Gynecomastia is a common ailment in a man's endocrine system. It is non-cancerous and happens temporarily to most males at some point during the course of their life, especially during infancy or puberty.
Definition & Facts
About 70% of adolescent boys experience a small degree of breast development during puberty. The over-development of the breast tissue in males is called gynecomastia. This occurs in response to an excess of estrogen, or a deficiency in testosterone. Due to these factors, the breasts' glandular tissues swell and create an enlarged breast. Gynecomastia occurs in males of all ranges from babies to teenagers and older men.
Symptoms & Complaints
This tissue becomes mobile and lumped together, not creating a dimpling appearance in the skin. It is also not typical to have a discharge from the affected nipple. A common symptom of gynecomastia is an increase in the size of the areola as well as asymmetry of the chest tissue.
Gynecomastia is caused by an increase of estrogens or a decrease in androgens, which results in an altered ratio of hormones. The cause of this happening is unknown in about 25% of cases, but there are certain health conditions and medications that can be a factor. In newborns, breast enlargement in males is caused by the estrogen being passed on from the mother during birth. This is very common in baby boys. The newborn breast buds typically gradually go away by the time the baby is 6 months old, but in some babies, they last longer.
As with infants, breast buds are also common during puberty. These buds can last for up to 2 years, however they typically go away within a single year. Once a male hits his teen years, gynecomastia can be caused by hormonal changes that come along with puberty. This is very common in boys during the early stages of puberty until the middle of puberty. This usually lasts from 6 months to 2 years.
In adult males, however, gynecomastia is typically caused by a different condition. Liver disease, low testosterone, and kidney failure can cause gynecomastia. However, the most common cause of breast enlargement in men is due to medication and drug use. In younger adult males, the leading causes of gynecomastia are marijuana use and steroid abuse.
Additional medications, however, can also cause this disorder including HIV medication, heartburn and ulcer medications, antifungal medications, antibiotics, chemotherapy to treat cancer, antidepressants, hormone treatment for prostate cancer, and some herbals including lavender and tea tree oil.
Diagnosis & Therapy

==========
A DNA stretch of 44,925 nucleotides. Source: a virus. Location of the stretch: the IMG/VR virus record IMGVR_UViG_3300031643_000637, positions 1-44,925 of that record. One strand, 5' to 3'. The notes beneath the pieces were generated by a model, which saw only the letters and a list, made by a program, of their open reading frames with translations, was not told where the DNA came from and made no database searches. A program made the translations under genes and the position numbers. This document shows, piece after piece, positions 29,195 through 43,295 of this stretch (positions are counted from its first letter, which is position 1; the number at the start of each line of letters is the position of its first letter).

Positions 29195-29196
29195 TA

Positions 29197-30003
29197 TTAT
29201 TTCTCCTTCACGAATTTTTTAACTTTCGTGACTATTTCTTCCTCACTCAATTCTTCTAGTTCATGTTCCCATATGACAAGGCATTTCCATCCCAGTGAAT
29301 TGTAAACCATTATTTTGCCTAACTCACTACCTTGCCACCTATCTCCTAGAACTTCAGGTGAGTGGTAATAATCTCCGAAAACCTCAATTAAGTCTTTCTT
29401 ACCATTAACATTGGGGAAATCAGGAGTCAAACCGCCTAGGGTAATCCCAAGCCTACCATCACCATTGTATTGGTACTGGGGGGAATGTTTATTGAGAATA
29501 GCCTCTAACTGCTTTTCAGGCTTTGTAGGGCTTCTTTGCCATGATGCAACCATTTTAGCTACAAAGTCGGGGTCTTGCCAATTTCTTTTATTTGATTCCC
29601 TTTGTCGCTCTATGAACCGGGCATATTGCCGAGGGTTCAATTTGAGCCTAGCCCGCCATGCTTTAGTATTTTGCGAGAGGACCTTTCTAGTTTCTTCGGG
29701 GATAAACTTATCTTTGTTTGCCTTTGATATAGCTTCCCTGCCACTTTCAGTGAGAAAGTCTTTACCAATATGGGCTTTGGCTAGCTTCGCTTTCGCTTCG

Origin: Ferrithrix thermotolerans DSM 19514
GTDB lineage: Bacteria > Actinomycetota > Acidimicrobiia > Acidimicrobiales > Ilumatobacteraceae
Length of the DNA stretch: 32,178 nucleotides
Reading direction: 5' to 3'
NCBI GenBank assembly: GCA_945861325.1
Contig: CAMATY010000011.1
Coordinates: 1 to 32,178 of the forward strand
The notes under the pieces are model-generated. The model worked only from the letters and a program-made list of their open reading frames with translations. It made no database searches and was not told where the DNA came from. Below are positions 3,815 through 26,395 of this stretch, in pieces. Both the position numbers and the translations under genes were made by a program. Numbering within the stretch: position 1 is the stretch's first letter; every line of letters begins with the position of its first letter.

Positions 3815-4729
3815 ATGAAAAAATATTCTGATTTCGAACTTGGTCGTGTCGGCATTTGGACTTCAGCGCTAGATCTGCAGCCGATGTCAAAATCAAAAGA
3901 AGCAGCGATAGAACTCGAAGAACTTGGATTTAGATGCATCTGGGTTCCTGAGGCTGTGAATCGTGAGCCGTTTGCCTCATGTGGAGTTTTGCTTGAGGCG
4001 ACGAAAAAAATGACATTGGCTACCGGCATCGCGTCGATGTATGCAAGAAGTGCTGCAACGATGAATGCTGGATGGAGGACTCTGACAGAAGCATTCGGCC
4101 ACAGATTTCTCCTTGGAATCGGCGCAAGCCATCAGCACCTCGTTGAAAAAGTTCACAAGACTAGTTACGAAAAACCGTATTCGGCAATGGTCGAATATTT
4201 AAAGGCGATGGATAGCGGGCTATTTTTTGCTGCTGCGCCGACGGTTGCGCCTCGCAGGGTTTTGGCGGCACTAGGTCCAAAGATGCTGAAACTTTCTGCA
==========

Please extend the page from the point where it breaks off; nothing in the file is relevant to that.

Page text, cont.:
Gynecomastia is typically diagnosed through a physical examination and collection of medical history. Important parts of this physical exam are the full evaluation of the breast tissue as well as palpation to look for breast cancer and benign excess fatty tissue.
The exam will also include an evaluation of the development and size of the penis and testicles, and an examination for tumors in this area as well. Invasive tests are typically not necessary. However, a biopsy may be done if the lump in the breast is unusually large, tender, one-sided, or hard. This will rule out additional problems.
Any male with a family history of breast cancer who finds a lump in their breast area should have it biopsied and checked. A medication review may also reveal the cause of of a male's gynecomastia.
Lab tests may be done to further investigate if there is a primary cause that is creating enlarged breasts. These tests may look for liver disease through the examination of the presence of aspartate transaminase or alanine transaminase. To determine kidney damage, tests can be run for levels of serum creatinine, and hyperthyroidism can be detected by looking at the levels of thyroid-stimulating hormones.
Treatment & Therapy
Gynecomastia in young males does not require additional treatment other than time. Mild cases in young males may often be treated with certain lifestyle changes and proper habits such as a healthy diet and regular exercise. Certain medications can be prescribed to help alleviate gynecomastia, but medical treatment is most effective if it is started within 24 months of the first notice of breast enlargement.
If the gynecomastia is caused by disease or medicine, treating the disease or discontinuing the medication will help to cure gynecomastia. Hormonal treatment can be done if there is an imbalance in estrogen and testosterone. If all other treatments have failed, surgery is an option.
If surgical removal of the glandular breast tissue is required, this may include a subcutaneous mastectomy, a liposuction-assisted mastectomy, or a laser-assisted liposuction. It can also include a laser-lipolysis without any liposuction. There can be complications along with the mastectomy that may include infection, hematoma, breast asymmetry, areola necrosis, seroma, deformities, and scars.
Prevention & Prophylaxis
In prostate cancer patients who receive androgen deprivation therapy, radiation therapy as well as tamoxifen have shown to prevent breast pain and gynecomastia from forming. These treatments are most effective when they are done ahead of time because they are less effective once gynecomastia has onset.
Finally, watch for weight gain and poor nutrition overall. Staying healthy and fit is a great way to keep your body in shape and to not give your hormones a chance to get out of balance. Do not use illicit substances that may change the natural chemistry of your body and therefore lead to this undesirable issue. Eat nutritious foods that work with your body to stay healthy and fit.